• The Preschool Children’s Understanding of Money fact sheet has ideas and activities you can employ on how to improve how your child understands money via The Texas A&M University System.
  • Mint is an all-in-one financing app containing resources to help parents tackle personal finance with their kids, an important life skill. Raising financially-savvy children involves teaching them a variety of aspects from budgeting to planning, earning, and saving.

Age 5-7 years

At this age, your child is a sponge who takes in everything around them. Use that to teach them about being financially responsible.

Tips for Parents

Setting goals. Tell your child how you make choices about what you need versus what you want to purchase – and how you set goals for each.

Teach them the difference between want vs.need. Ask your child to think of an item they would like to start saving for, like a new bike. Ask them: do they need it or want it?

Talk money saving tips with your child. Talk with your child about how much money they will need to save for any item they choose – and help them make a plan for saving their allowance money towards it.

Leave room for mistakes. Part of putting kids in control of their own money is letting them learn from their errors. It’s tempting to step in and steer kids away from a potentially costly mistake, but it may be better to use that mistake as a teachable moment. In that way, they’ll know in the future what not to do with their cash.

Read more tips at the Parents’ Guide to College Savings.


Book Recommendations

Read books about finance with them. Here are some great ones.


Financial Resources

  • United States Mint for Kids. The U.S. Mint has a page dedicated to teaching kids about money. It contains coloring books, games, videos, and more.
  • National Financial Educators Council. Find tips and resources to teach personal finance to kids
  • Leave Room for mistakes: Part of putting kids in control of their own money is letting them learn from their errors. It’s tempting to step in and steer kids away from a potentially costly mistake, but it may be better to use that mistake as a teachable moment. In that way, they’ll know in the future what not to do with their cash.

Additional Resources

Health Resources
Literacy Resources
Science and Math Tips

Age 8-10 years

Now’s the time to help your child learn good financial habits that will shape how they earn, save, and shop.

Tips for Parents

Open a bank account with your child. By age 10, your children should be ready for this next step toward financial independence. This can be both exciting and scary for kids, so be sure to talk in advance to prepare them.

Consider small jobs to promote the value of earning money.

When shopping, ask your child to help you compare prices. Look at brand-name items and own-brand products. Talk about which ones cost more and why. And how you can save money.

Teach your child about 1/3 + 1/3 + 1/3. Whether your child receives an allowance, or earns a bit of money helping out, or gets some cash for a birthday, help them see the value of the money they have. Consider using ⅓ to spend, ⅓ to save and ⅓ to give to charity.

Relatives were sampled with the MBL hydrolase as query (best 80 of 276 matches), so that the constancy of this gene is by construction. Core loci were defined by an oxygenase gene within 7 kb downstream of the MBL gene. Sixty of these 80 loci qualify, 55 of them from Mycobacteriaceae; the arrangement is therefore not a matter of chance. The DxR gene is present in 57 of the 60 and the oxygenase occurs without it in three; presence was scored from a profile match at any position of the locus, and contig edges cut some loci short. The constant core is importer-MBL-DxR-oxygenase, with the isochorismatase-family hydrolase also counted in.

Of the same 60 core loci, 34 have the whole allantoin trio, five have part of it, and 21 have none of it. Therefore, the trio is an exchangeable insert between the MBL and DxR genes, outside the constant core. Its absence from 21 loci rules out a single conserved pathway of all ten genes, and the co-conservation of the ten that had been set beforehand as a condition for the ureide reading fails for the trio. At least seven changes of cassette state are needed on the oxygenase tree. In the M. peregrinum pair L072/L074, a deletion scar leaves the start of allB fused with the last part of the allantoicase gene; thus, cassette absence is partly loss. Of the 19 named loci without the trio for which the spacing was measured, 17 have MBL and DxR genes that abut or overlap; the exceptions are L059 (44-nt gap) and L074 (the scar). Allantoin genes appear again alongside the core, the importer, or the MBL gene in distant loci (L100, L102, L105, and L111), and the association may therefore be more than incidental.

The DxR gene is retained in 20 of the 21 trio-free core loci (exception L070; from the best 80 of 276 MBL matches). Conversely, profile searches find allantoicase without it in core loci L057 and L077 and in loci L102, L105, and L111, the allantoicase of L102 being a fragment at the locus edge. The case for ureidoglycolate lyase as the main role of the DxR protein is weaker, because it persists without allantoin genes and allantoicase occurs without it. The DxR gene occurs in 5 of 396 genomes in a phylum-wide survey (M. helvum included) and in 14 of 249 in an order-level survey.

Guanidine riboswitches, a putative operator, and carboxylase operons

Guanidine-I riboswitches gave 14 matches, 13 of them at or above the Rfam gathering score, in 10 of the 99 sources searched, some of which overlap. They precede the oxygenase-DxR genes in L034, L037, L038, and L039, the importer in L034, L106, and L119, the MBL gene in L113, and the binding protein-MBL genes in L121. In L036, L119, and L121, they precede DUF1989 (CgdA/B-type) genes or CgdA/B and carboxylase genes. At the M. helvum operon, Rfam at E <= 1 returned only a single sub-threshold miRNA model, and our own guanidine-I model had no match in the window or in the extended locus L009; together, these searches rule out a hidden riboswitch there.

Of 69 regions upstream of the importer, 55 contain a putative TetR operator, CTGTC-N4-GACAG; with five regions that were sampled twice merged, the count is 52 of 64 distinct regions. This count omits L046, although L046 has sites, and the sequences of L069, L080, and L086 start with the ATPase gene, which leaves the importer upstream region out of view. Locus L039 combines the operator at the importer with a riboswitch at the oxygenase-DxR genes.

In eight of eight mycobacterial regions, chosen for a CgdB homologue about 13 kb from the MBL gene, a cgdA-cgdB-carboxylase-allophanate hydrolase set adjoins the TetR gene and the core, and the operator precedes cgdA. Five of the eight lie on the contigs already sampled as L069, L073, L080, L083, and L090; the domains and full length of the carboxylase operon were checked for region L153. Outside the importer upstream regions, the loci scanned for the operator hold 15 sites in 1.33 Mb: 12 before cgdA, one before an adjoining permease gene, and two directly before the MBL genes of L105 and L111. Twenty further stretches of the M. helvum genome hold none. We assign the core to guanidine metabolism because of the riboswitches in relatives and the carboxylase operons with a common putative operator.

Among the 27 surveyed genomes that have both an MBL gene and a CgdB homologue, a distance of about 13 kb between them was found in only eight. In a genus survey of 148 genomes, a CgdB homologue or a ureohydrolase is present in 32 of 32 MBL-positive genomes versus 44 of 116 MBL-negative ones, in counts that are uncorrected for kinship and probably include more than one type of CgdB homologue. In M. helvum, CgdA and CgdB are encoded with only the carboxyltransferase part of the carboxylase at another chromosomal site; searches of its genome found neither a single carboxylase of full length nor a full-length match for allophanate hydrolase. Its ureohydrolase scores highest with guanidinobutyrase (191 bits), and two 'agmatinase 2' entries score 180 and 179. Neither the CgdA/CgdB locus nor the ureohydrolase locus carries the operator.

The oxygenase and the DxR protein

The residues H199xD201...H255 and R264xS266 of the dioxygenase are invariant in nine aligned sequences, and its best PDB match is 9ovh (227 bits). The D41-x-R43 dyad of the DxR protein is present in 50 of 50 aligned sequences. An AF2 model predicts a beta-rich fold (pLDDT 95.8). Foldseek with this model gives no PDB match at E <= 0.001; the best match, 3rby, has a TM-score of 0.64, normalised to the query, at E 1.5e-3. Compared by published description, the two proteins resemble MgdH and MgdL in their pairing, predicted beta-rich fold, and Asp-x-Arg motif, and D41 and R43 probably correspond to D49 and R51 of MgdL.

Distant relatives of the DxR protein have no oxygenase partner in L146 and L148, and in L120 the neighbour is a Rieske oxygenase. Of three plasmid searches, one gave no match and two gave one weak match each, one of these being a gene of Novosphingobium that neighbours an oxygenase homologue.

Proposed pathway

Encourage your child to set a savings goal. When your child sets aside money to save, ask them what they want to save for, help them find out how much it costs, and sneak in some math as they figure out how long it might take them to meet their goal.

Talk about money with your child. Parents are often reluctant to talk with their children about money – but talking about money gives your children a chance to learn and to feel comfortable with financial matters. Let them know the kinds of things you’re trying to juggle and how you decide what to spend on and how to save.

Read more tips at the Parents’ Guide to College Savings.


Book Recommendations

Read books about finance with them. Here are some suggestions.


Financial Resources

  • The Consumer Finance Protection Bureau: Money as You Grow. Provides tips and activities to help your child’s money skills, habits, and attitudes grow.
  • Claim Your Future helps students set goals and links today’s education and spending choices to future job options and financial stability.
  • Consider small jobs to promote the value of earning money.
  • By age 10, your children should be ready for the next step toward financial independence: opening a bank account. This can be both exciting and scary for kids, so be sure to talk in advance to prepare them.
  • When you are out and about, ask them to help you compare prices. Look at brand name items and own brand products. Talk about which ones cost more and why. And how you can save money.

Additional Resources

Health Resources
  • Too little sleep is associated with obesity, partly because inadequate sleep makes us eat more and be less physically active. Children need more sleep than adults, and the amount varies by age. See the recommended amounts of sleep  and suggested habits to improve sleep.
  • Blast off game to help learn the food pyramid
  • Children and adolescents need at least 60 minutes of moderate to vigorous physical activity on most days for good health and fitness and for healthy weight during growth.
  • The Wild Robot by Peter Brown
  • Michael Rosen’s Sad Book by Michael Rosen, Quentin Blake
  • What to Do When You Worry Too Much by by Dawn Huebner, Bonnie Mathews
Literacy Resources
  • Scholastic Raising Readers Tips
  • Board games are a great way to firm up recognition of sight words, as well as spelling and vocabulary skills. Try favorites like Password, Blurt, Boggle Jr., Apples to Apples, and Buzzword Junior.